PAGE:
This one is dialysis. We sat in the basement and played Phase 10 or watched movies with the technician hovering over our shoulders, his long hair and patchouli smell gave us hours of groovy conversation, and I swear he was helping you cheat. The hum of the pump and the beep of the machine made an awkward added soundtrack to our films, but we shut it out and never spoke of it. We treated that machine and the technician like ghosts in the room, both of us too frightened to acknowledge the truth.
Oxygen was the beginning of the end, really. Having to lug that tank around put a dampening spirit on the outdoor adventures we liked to have. It’s difficult to go hiking through the redwoods with an oxygen tank. Sliding it in a stroller and pretending it was the child we could never had didn’t help hide the truth. I think we both knew that the radiation killed off more of my lungs than the doctors wanted to admit. Emphysema was just a convenient excuse to prescribe oxygen treatment. I hadn’t smoked for over a decade, and even a pack every two weeks can’t compare to years of L.A. smog or all that time in the sublimation factory.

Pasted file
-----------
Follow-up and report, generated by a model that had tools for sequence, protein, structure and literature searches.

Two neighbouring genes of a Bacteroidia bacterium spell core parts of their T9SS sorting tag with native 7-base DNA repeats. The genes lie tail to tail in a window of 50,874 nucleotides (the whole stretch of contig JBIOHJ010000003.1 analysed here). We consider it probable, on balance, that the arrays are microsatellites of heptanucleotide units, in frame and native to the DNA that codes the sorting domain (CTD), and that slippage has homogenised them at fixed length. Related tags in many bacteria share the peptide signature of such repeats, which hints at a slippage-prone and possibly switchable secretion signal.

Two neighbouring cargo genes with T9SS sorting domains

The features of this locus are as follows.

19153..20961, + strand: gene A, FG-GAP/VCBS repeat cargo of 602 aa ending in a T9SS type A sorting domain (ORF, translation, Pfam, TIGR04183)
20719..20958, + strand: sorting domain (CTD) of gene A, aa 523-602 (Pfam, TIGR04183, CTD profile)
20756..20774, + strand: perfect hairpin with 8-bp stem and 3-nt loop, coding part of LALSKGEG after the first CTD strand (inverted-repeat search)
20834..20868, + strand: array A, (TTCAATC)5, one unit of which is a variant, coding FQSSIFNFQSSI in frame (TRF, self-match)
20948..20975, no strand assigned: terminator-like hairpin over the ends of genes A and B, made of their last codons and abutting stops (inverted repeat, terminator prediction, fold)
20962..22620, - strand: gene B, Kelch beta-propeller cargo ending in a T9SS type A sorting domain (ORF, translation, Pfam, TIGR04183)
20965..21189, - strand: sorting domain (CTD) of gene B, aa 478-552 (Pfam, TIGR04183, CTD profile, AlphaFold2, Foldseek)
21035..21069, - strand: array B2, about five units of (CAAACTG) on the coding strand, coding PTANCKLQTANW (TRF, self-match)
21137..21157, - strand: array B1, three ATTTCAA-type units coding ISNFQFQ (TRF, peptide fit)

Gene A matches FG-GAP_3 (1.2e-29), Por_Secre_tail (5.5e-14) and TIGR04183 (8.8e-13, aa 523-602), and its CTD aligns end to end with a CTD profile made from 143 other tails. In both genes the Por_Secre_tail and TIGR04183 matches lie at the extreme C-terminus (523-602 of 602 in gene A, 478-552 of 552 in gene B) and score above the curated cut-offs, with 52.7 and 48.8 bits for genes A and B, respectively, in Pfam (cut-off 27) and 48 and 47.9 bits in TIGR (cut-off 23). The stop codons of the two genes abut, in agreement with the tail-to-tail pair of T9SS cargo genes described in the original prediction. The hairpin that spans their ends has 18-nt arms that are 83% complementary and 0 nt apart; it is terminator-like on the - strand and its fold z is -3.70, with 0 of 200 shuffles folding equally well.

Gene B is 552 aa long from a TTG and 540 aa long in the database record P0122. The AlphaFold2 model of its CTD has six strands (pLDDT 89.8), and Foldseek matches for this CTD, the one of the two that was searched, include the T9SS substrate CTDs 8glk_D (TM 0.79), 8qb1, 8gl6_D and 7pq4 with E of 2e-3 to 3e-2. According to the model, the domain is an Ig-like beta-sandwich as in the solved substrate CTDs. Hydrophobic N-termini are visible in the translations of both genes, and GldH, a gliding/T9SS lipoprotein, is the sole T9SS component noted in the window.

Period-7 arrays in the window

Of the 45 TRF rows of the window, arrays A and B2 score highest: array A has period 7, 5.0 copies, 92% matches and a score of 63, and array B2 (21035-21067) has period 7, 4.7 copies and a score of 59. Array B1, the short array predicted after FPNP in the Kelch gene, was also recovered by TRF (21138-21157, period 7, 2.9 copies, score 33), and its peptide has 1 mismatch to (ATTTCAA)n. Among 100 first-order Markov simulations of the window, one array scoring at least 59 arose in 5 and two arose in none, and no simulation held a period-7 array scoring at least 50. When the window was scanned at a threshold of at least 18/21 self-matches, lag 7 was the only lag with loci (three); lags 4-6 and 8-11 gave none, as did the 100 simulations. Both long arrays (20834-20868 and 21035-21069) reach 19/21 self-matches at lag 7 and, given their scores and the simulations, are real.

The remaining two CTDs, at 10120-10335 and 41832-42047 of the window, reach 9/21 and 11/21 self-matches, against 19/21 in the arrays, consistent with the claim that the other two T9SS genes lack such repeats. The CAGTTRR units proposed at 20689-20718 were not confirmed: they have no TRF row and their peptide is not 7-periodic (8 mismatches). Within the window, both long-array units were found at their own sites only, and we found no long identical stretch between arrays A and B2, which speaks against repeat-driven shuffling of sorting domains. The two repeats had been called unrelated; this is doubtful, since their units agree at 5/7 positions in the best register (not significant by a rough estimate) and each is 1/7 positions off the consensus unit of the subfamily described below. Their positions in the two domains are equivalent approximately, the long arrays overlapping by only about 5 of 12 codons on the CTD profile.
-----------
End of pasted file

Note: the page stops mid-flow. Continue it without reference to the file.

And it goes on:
I could barely drag in enough breath to satisfy walking from the bed to the sofa without sucking down liters of oxygen from that tank, so finding the energy to be intimate was next to impossible. Still, we found creative ways of enjoying ourselves, embracing the technology that would eventually consume our lives, but even those orgasms now seem a specter of what I remember them to be. Of course, we both know my memory is suspect.
Then, of course, there was that first incident. The cancer. Lymphoma. You sat by my side while my veins turned black from that chemical poison, and my body fluctuated between rejecting all food and seemingly absorbing every scrap in sight as if through osmosis. My body changed from lean and thin to bloated and round. We played dress up when my hair fell out, and I put on a show of nihilism and apathy because I needed you to stay calm. Your panic may have amplified my own, so we carried on in our usual fashion and we kept our own council, using the comfort of darkness and solitude to silently weep our fears into already tear-stained pillows.